This sort of thing reinforces the will to write.

Book review

Touch to read the review

More on the crime novel here.

I’m not sure why it was “unexpected!” but am not about to ask.

I see it’s been awhile. A couple of days before that last post my bicycle and I crashed in the rain with a little help from a nasty railroad crossing and a momentary lapse of judgment. We’re all fine now, except for a sore shoulder, but haven’t felt like or even thought much about writing in the intervening weeks.

Working now to taper off of some pills that have kept yours truly in something of a fog, it’s time to get back to writing stuff. Probably (OK, most certainly), the followup to “Blood Solutions.” Time to get back more seriously on the road bike, too.

Another post soon to elaborate on the “rejuvenated” part of that headline.

Pedal on.

After posting recently about marketing an indie book and writing in the literary obscurity of my basement office in Longmont, I took a look around at some of the reader comments that have started coming in for my Des Moines crime novel, Blood Solutions.

They’re encouraging even if relatively few in number at this point:

Here are a couple posted by people who bought Blood Solutions on Smashwords…

English: Flag of Des Moines

English: Flag of Des Moines
(Photo credit: Wikipedia)

  • Review by: chand305 on April 09, 2015 :
    This thriller will keep you on the edge of your seat as you follow Red Shaw on his quest to solve some grisly murders. Smith creates characters with depth whose interlinked lives are all affected by and implicated in the killings that take place in their city. The story pulls you in with its well-written and connected narrative threads and won’t let you go until the mysteries have been solved. Enjoy!
  • Review by: ianvanliew on April 08, 2015 :
    Red Shaw has a problem. A Des Moines-sized problem that’s a microcosm of all those unsolved murders out there, scattered around the UK and the US and Canada and points unknown. I’m a new fan of Red Shaw and I desperately want him to solve this particular problem before any more innocent parties are murdered. Will he or won’t he? Read “Blood Solutions” and find out!

And a couple more from Barnes&Noble readers…

  • Great book. i was hooked from the first chapter.  Great characters some you love some you just feel sorry for.
    I hope B.J. Smith writes a few more books about  Detective Edward Shaw .
    I look forward to his next book.
  • Great detective novel. Very good read. Can’t wait for the next one.

There are some nice, star-filled reviews on Goodreads, too, which are nice to see.

Good time to buy: It’s half-off at Smashwords for the next three days with coupon code LY86Z, and just $2.99 through Sunday for Kindle readers on Amazon.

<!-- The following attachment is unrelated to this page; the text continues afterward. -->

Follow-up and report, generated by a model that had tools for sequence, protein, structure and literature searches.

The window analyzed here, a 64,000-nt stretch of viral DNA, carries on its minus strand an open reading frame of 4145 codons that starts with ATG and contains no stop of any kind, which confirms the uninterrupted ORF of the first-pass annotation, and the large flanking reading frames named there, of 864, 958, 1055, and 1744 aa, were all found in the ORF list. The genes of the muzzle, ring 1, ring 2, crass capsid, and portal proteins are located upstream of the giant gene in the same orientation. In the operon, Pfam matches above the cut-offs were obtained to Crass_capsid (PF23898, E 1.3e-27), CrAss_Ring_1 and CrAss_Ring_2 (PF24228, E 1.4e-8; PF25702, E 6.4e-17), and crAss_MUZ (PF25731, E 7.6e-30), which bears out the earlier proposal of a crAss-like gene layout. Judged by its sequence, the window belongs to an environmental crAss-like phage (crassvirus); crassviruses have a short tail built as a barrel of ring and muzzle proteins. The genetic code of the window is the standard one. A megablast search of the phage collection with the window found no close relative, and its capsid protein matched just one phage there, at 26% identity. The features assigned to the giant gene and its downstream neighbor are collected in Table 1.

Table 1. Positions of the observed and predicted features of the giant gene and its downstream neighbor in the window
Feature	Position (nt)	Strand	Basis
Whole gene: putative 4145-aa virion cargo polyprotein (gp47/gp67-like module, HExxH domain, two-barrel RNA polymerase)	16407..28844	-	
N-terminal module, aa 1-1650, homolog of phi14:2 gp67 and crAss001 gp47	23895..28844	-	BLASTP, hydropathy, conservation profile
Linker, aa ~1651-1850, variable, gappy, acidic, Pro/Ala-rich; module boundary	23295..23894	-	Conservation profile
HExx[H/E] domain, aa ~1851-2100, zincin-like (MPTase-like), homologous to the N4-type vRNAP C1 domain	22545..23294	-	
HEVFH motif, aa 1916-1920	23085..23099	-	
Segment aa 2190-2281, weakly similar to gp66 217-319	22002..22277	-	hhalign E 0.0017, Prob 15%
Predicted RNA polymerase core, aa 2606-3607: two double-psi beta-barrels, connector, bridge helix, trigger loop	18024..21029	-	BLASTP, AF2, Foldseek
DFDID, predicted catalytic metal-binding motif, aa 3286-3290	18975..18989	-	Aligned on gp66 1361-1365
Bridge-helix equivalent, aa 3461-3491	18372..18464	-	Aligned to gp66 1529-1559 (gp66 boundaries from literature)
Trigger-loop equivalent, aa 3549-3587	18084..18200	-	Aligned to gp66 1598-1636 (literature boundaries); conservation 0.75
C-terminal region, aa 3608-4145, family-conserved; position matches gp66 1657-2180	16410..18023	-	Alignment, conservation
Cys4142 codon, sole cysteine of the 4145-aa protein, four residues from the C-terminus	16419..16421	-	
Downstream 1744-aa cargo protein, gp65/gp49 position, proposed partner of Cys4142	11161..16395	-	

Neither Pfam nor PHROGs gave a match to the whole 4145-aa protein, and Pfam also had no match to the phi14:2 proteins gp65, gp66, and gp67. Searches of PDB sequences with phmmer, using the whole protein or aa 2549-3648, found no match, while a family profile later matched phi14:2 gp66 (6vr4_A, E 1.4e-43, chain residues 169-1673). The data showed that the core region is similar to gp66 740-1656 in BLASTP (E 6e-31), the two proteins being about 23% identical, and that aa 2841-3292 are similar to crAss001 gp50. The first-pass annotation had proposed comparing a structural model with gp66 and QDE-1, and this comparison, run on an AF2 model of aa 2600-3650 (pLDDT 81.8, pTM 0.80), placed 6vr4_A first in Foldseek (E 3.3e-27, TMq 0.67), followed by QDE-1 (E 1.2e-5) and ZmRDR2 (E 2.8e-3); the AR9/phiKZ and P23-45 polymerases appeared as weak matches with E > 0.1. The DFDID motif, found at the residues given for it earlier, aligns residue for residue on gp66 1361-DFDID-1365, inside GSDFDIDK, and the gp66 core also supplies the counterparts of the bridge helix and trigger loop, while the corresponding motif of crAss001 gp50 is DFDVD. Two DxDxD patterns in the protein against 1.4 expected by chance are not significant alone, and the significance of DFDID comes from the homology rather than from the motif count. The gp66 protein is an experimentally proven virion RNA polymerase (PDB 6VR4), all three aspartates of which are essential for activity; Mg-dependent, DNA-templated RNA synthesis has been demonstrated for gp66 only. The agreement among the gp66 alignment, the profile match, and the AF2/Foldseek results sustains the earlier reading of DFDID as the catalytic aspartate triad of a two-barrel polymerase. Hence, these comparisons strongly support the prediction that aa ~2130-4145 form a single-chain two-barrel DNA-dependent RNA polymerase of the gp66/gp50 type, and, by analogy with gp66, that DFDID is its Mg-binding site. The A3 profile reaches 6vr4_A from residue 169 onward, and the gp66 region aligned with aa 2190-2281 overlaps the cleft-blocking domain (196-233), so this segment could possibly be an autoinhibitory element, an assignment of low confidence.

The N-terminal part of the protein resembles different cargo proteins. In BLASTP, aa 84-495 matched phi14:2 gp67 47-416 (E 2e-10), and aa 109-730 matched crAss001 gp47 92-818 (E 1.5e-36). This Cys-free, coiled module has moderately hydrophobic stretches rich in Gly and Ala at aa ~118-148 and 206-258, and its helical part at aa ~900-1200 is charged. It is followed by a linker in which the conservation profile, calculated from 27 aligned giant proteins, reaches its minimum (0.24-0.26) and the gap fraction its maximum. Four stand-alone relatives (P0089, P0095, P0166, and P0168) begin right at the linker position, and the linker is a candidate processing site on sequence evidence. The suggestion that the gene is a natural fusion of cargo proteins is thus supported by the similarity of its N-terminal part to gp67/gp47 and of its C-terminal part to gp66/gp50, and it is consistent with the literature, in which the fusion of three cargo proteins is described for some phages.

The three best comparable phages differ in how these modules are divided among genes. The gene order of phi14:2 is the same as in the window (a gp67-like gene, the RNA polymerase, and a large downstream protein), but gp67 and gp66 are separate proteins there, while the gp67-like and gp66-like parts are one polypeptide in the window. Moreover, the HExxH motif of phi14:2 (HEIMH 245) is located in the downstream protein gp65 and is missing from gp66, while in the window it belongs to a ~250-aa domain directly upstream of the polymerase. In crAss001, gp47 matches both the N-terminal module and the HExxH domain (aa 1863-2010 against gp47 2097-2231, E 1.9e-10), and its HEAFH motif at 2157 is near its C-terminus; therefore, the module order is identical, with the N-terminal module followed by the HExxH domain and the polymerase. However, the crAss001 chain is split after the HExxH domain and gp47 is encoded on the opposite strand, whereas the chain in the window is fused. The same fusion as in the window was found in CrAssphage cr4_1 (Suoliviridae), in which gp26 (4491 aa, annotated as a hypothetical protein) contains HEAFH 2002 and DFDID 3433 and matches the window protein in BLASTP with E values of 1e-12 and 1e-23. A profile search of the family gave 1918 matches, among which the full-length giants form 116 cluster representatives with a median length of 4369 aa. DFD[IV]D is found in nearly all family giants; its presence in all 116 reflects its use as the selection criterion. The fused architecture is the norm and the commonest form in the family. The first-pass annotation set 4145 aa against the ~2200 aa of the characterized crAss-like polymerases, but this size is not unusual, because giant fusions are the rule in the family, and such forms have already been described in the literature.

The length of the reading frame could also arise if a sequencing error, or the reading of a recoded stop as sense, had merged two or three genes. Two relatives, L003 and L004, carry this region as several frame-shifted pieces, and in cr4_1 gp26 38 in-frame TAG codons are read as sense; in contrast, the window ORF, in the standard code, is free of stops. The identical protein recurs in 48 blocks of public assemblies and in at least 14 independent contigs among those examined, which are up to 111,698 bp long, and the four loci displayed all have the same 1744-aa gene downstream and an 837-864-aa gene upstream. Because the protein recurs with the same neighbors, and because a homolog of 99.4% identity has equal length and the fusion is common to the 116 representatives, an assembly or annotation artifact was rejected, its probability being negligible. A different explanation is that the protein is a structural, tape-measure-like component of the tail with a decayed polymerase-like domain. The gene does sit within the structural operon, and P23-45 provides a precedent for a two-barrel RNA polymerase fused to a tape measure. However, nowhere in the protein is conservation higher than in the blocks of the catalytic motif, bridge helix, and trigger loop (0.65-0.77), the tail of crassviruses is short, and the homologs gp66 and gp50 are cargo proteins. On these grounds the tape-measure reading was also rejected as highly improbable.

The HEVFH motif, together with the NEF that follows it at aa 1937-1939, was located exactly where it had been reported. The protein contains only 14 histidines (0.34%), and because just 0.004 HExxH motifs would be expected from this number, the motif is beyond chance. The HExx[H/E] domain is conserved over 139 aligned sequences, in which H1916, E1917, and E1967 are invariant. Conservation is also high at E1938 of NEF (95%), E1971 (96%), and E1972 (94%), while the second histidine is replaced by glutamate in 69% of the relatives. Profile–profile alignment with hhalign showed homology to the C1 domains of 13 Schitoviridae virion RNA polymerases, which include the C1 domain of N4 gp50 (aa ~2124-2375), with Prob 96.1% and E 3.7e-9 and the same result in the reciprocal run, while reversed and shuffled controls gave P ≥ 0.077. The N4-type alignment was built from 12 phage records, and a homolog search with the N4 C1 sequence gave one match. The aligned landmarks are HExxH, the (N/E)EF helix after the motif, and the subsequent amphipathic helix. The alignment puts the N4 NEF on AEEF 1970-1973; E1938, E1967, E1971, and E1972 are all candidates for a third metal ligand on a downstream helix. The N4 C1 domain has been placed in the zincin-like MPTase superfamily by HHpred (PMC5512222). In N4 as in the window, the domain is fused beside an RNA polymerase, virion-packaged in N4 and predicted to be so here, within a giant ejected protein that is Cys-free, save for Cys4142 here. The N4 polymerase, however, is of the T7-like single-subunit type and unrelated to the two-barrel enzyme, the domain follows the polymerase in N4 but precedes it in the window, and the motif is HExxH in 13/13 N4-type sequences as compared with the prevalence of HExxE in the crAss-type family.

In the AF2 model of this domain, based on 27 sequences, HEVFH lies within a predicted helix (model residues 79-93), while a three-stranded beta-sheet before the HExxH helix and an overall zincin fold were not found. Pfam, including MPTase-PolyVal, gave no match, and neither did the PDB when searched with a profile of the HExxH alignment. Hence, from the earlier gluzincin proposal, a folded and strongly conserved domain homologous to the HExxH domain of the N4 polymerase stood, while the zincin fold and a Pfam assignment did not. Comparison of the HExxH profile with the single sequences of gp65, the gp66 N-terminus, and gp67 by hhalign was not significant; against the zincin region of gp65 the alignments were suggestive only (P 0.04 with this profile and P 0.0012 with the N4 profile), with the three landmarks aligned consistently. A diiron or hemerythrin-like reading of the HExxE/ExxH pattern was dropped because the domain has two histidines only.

It is trying—taxing, if you will—all this effort to make your writing stand out above the suffocating dreck* of 21st Century publishing.

“It’s a process,” my daughter wisely observed at dinner when I told her my first novel is now on the shelf at the West Des Moines Public Library, right there in the heart of my adolescence.

Blood Solutions turned up first at the Longmont Public Library just a few days ago, a few miles from my Colorado home, and it is slowly getting noticed and even purchased from various fine online bookstores.

It’s a process, for sure.

Ask the person in the next seat on the bus what she’s reading on that NOOK. Learn that she appreciates a good crime story. Recommend your new one.

Guy at the bus stop asks what’s new. Tell him.

Leave a copy lying around in your office, like a nightcrawler dangling below a bobber on a pond. Set the hook when a potential reader nibbles.

Send some emails. Ask beta readers and others to recommend your book on Goodreads, Amazon, BarnesandNoble.com, if they would be so kind and did actually like the story.

Mick Fleetwood

Mick Fleetwood (Photo credit: Wikipedia)

Schedule some tweets. Revel in obscurity.

“Don’t be shy,” I remember Mick Fleetwood admonishing me again and again in his drum solo at the Pepsi Center. You say he wasn’t talking just to me? OK.

Still, don’t be shy. Build your platform.

Work on the next book.

I did ask for this, I remind myself

It’s a process, and it’s interesting, and rewarding.


* I tried to read 50 Shades of Grey a few months ago and barely made it past the first chapter. I wasn’t offended by the subject matter, but the writing was just too awful to go on.

Use a hashtag and you’re bound to have a tweet turn up at some point in an unexpected place.

What a surprise, though, when my tweet was harvested for the #amwriting page of a Paper.li site called Literary Obscurity.

Just where a writer wants to be, right?

Literary Obscurity

No real complaint from me, though. I had a good laugh.

Better yet, it gave me something more to pitch back out to the madding cloud to be RT’d several times and counting.

If Literary Obscurity brings me another reader or two with a few bucks to spare on a good book, so be it.

Here’s what the item looked like on the page, from which it may already have been refreshed into oblivion. (Click the image, though, and it will take you to the Barnes&Noble site.)

literaryobscurity2

Here’s a shortcut to my brand-spankin’-new author page on Amazon.

They don’t let just anyone have these, you know.

Well, OK, so pretty much anyone can have one, but still…

Constrastly.

That string of letters (I hesitate to use the word “word” here) turned up in this otherwise sort of interesting piece about sports “journalism” and the teaching thereof.

I don’t know much about this Bill Simmons guy except that there are a gazillion articles and blog posts about his departure from ESPN clogging up news feeds throughout the civilized world right now.

Based on what I’ve read, though, I’m not sure I would call him a journalist.

Feel free to agree or disagree.

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